So to obsess about preserving the world heritage site on the one hand, and not to care a jot about the land outside on the other, is perverse and unthinking.
Take two extremes. We could tunnel and dual the A303 exactly on its present route (Julian Richards has more or less suggested this). Or we could build an entirely new, and much longer dual carriageway with a new bridge flying over the river Avon.
On the one hand, no cars would be driving where there are now none. No new landscape would be divided up and changed. A considerable amount of road would disappear.
On the other hand, several kilometres of entirely new road would be built across some of England’s most beautiful and peaceful rural landscape, close to quiet and idyllic riverside villages and over the river Avon, which we think (many of those archaeologists above say so) was a key part of the Stonehenge ritual world.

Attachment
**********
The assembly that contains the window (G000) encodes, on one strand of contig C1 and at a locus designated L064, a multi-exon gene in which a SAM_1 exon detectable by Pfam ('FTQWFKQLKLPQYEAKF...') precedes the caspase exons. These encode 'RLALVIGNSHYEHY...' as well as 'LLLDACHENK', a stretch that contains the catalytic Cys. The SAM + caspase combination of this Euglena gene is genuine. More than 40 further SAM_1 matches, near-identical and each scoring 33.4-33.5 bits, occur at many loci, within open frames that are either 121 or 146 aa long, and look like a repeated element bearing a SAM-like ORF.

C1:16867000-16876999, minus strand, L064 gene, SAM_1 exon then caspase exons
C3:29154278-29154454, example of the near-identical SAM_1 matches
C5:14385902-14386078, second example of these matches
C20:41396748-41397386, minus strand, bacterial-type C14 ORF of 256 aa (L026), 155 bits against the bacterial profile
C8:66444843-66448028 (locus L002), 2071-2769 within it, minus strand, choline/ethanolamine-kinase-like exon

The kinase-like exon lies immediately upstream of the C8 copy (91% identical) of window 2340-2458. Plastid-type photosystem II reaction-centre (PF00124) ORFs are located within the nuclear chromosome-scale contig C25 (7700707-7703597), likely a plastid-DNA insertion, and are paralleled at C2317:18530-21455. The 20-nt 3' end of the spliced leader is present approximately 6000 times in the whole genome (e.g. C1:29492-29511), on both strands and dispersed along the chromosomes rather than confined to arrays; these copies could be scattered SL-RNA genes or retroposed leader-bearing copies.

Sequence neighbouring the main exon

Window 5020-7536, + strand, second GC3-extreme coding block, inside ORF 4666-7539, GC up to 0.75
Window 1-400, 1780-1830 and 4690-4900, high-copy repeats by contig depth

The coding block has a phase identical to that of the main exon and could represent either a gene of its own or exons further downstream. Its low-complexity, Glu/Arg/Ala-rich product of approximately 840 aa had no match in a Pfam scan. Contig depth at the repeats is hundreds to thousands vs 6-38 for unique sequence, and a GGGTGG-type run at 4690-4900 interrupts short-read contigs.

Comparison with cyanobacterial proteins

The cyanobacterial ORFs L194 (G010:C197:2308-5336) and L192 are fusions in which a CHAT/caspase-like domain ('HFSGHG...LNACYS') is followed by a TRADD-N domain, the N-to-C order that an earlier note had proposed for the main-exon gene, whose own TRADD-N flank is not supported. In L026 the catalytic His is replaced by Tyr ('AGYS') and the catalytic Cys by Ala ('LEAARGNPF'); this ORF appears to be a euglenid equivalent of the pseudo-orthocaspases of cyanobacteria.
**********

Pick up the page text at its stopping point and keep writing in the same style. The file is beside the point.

Why would you choose the latter, not least when you know that we have no idea what undisturbed archaeology lies on the route and would be destroyed?
And this doesn’t touch on the people who use the roads. The people who currently shortcut through Larkhill, and would be even more likely to do so, in larger numbers and through other villages as well, when faced with a long detour to the south.
Stonehenge has a long and honorable history of throwing up entertaining, eccentric and bonkers ideas. The A303 southern route belongs with aliens, ley lines and diluvial floods. And they don’t damage the countryside.